When an organization like Jane’s Due Process says, “Call your Rep! Call your Senator!” you might feel nervous if you’ve never done it before. The organization will usually give you a reason to call — like, “Tell them to oppose abortion restrictions!!” or, “Tell them to vote yes on HB 3369!” But what does that process look like?

Who?

It’s pretty simple. First, you’ll find your state Rep or Senator’s contact info. You can google “who represents me?” or visit this webpage to find out. Remember, if it’s a senate bill (SB), you’ll be calling your state Senator. If it’s a house bill (HB) you’ll be calling your state Representative. Also remember that there are federal Senators and Reps — make sure you’re calling your state-level representatives when talking about Texas legislative policy.

What?

Figure out what you’re calling about. Let’s say you want them to vote NO on SB 8, a bill to ban abortion at 6 weeks. Then you’ll be calling your state Senator and saying that. You might also think up the reasons why you oppose the bill to share that with your Senator as well. So come up with a little script for yourself beforehand. In this case you might say,

“Hi, I’m Barbara, and I live in Senator Judy’s district. I am calling to ask the Senator to vote NO on SB 8, which would ban abortion at 6 weeks. This bill would essentially ban all abortion and further harm marginalized Texans already facing so many barriers to abortion access. I want my Senator to protect and expand abortion access and vote NO on SB 8.”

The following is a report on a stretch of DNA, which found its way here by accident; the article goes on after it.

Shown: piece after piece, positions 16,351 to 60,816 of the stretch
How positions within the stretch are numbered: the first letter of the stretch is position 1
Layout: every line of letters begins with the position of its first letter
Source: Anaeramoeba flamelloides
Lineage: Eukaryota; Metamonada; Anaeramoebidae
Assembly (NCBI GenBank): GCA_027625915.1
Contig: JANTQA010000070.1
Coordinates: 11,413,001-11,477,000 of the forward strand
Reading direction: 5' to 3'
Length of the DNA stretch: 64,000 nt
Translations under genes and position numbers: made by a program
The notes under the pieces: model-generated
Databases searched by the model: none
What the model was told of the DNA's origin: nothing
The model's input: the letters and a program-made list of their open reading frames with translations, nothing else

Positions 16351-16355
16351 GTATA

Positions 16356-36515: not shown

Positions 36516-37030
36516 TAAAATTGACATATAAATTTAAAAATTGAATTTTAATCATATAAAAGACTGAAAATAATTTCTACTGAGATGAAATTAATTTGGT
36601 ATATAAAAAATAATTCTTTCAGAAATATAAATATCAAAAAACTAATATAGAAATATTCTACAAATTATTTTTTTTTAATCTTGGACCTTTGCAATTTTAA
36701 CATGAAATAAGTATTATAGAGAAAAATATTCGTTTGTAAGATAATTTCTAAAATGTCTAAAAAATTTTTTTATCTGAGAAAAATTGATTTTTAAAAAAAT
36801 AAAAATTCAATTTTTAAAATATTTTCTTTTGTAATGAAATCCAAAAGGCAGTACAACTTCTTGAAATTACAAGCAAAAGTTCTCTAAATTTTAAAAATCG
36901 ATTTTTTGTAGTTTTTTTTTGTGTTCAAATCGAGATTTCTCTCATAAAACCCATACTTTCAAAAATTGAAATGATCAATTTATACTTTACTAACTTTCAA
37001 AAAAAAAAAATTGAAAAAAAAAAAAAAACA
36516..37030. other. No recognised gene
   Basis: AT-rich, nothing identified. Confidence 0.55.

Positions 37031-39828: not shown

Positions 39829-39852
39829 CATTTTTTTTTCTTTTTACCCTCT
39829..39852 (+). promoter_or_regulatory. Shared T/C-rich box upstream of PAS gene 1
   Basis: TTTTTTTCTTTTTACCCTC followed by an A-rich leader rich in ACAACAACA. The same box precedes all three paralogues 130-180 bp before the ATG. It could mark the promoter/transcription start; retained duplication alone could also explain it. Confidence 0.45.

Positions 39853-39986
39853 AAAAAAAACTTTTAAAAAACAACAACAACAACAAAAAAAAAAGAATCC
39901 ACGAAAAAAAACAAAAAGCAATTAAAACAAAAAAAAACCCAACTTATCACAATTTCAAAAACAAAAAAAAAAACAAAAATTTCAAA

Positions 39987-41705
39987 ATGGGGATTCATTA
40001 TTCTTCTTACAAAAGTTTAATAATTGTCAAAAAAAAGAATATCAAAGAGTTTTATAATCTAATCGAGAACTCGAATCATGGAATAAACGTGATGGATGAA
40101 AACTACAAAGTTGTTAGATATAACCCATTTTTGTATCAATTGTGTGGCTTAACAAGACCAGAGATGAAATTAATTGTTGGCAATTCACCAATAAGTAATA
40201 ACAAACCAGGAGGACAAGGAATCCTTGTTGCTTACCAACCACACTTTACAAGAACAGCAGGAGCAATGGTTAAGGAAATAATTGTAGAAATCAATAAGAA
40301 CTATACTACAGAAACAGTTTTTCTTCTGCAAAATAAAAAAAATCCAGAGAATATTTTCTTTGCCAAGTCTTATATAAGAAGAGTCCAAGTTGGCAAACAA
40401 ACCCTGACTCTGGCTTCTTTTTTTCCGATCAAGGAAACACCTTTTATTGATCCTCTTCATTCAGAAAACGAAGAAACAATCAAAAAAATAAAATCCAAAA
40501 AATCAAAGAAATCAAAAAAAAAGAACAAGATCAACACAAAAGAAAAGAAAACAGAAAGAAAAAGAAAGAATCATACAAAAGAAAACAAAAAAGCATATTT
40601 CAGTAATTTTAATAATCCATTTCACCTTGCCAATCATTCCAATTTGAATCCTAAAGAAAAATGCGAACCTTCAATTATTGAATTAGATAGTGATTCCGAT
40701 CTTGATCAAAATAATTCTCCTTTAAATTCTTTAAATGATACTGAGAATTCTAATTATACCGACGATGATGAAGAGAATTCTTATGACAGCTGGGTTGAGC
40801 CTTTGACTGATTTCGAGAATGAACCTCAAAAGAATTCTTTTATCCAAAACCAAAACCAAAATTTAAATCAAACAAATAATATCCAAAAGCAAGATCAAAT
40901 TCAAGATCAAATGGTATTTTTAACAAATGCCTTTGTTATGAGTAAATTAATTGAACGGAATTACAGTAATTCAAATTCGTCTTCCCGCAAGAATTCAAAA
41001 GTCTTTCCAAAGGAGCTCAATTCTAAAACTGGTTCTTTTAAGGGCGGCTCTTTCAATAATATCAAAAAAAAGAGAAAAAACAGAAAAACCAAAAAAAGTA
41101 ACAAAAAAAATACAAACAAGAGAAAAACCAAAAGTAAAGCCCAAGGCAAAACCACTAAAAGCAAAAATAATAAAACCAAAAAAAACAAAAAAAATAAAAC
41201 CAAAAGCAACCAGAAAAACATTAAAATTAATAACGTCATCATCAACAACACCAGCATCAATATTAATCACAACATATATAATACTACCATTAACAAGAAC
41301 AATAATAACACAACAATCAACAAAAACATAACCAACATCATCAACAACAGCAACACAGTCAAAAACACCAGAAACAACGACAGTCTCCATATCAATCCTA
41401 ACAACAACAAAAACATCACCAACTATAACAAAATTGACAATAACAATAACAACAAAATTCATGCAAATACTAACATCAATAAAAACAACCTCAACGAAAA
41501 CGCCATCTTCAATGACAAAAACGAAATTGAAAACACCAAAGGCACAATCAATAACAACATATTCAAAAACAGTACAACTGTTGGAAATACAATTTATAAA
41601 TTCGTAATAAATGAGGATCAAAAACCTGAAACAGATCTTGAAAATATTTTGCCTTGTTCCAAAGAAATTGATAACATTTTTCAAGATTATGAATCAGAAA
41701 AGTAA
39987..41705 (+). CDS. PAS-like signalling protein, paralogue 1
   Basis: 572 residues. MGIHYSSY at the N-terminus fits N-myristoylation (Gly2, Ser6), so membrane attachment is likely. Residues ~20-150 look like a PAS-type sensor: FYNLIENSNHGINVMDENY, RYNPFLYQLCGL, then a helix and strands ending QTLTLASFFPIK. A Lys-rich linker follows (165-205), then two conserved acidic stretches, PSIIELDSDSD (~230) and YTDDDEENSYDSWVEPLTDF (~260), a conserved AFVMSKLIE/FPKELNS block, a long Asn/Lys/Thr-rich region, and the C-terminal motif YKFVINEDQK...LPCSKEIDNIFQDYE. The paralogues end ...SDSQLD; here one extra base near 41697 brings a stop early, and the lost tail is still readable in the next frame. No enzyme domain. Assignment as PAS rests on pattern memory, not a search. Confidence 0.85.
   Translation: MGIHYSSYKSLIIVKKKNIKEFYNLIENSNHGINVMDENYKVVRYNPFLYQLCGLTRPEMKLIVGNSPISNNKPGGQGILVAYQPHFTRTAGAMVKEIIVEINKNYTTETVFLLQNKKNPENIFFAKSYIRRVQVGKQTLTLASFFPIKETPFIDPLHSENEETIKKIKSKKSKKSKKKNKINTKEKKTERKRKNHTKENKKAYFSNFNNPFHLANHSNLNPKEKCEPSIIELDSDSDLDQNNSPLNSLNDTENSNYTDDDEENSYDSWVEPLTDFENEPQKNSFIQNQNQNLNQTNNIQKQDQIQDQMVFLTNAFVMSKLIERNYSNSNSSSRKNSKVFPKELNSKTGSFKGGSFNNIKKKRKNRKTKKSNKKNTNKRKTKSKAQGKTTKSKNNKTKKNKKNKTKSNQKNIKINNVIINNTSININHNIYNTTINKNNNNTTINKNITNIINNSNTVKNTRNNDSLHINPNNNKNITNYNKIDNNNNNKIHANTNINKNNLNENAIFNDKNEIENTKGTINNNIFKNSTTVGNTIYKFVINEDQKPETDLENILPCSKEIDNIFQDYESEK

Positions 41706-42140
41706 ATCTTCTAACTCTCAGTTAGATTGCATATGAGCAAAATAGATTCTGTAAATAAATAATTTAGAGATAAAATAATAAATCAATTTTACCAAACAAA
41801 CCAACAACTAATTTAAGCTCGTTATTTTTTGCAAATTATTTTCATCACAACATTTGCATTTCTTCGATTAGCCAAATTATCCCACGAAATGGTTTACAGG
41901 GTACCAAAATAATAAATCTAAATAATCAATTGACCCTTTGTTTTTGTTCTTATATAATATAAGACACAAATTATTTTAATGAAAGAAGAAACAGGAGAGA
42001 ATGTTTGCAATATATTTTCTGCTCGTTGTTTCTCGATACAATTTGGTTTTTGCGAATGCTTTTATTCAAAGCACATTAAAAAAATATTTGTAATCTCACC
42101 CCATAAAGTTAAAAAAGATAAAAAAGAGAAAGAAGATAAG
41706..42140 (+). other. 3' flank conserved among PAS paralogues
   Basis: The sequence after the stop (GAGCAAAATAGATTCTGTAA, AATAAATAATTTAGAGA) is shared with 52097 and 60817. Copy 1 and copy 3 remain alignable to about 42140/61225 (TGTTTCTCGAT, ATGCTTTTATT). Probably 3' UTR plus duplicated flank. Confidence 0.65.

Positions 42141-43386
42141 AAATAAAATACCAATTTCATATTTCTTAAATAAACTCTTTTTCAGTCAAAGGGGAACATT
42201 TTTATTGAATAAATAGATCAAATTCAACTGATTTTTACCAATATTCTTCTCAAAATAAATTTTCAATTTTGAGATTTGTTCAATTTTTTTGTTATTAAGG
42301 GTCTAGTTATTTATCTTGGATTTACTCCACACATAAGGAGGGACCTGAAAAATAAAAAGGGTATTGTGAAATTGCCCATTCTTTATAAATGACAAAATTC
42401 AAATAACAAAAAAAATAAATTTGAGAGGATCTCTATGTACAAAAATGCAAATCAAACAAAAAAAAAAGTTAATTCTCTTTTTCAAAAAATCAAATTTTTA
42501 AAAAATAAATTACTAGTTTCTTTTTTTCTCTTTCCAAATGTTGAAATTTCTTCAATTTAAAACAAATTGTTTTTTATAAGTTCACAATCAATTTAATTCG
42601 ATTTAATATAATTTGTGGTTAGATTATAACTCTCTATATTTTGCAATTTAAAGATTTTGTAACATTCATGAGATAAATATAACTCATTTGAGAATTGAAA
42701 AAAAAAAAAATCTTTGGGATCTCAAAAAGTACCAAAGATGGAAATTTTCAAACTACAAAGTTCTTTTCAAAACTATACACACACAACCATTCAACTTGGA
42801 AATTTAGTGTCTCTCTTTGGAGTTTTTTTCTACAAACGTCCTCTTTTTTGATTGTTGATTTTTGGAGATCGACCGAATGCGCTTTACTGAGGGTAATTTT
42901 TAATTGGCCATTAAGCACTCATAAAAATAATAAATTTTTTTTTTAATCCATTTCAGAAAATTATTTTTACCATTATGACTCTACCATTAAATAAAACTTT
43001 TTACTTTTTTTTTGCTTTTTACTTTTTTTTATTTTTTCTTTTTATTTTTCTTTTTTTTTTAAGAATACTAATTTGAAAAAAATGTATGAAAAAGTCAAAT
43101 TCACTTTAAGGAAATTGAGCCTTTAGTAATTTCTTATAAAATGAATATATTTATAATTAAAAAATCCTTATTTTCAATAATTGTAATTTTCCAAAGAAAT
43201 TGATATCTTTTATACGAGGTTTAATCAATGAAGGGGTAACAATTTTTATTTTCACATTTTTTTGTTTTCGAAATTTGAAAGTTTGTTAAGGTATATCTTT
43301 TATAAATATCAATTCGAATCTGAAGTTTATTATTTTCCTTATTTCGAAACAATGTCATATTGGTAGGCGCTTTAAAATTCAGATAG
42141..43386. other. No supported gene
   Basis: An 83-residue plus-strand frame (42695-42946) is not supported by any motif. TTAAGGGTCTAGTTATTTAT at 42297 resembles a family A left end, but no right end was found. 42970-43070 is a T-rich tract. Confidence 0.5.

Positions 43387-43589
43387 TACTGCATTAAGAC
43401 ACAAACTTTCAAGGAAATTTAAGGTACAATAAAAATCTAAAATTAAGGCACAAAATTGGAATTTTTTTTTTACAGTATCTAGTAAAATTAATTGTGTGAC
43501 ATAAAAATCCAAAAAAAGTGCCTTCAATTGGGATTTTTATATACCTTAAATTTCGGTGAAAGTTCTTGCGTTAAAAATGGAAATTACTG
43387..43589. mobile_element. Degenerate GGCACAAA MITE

Make sure to say your name, and make sure to tell the person taking your call that you live in the Senator’s district. The person answering the phone may have questions to clarify what you’re asking. Then thank the person who took your call for taking your messages and passing it along to the Senator.

If you get a voicemail, just leave all of that in a message.

Why?

No matter which way you assume your Senator or Representative is going to vote, it’s good to call them and tell them what you think about bills. It let’s them know that you’re watching what is happening. If you think they’ll be supportive of your position, it lets them know that you want them to fight hard. And if they oppose your position, it can be a way to signal to them that something is popular in their district and they should reconsider. Plus this is democracy, and you get to have your voice heard by the people elected to represent you!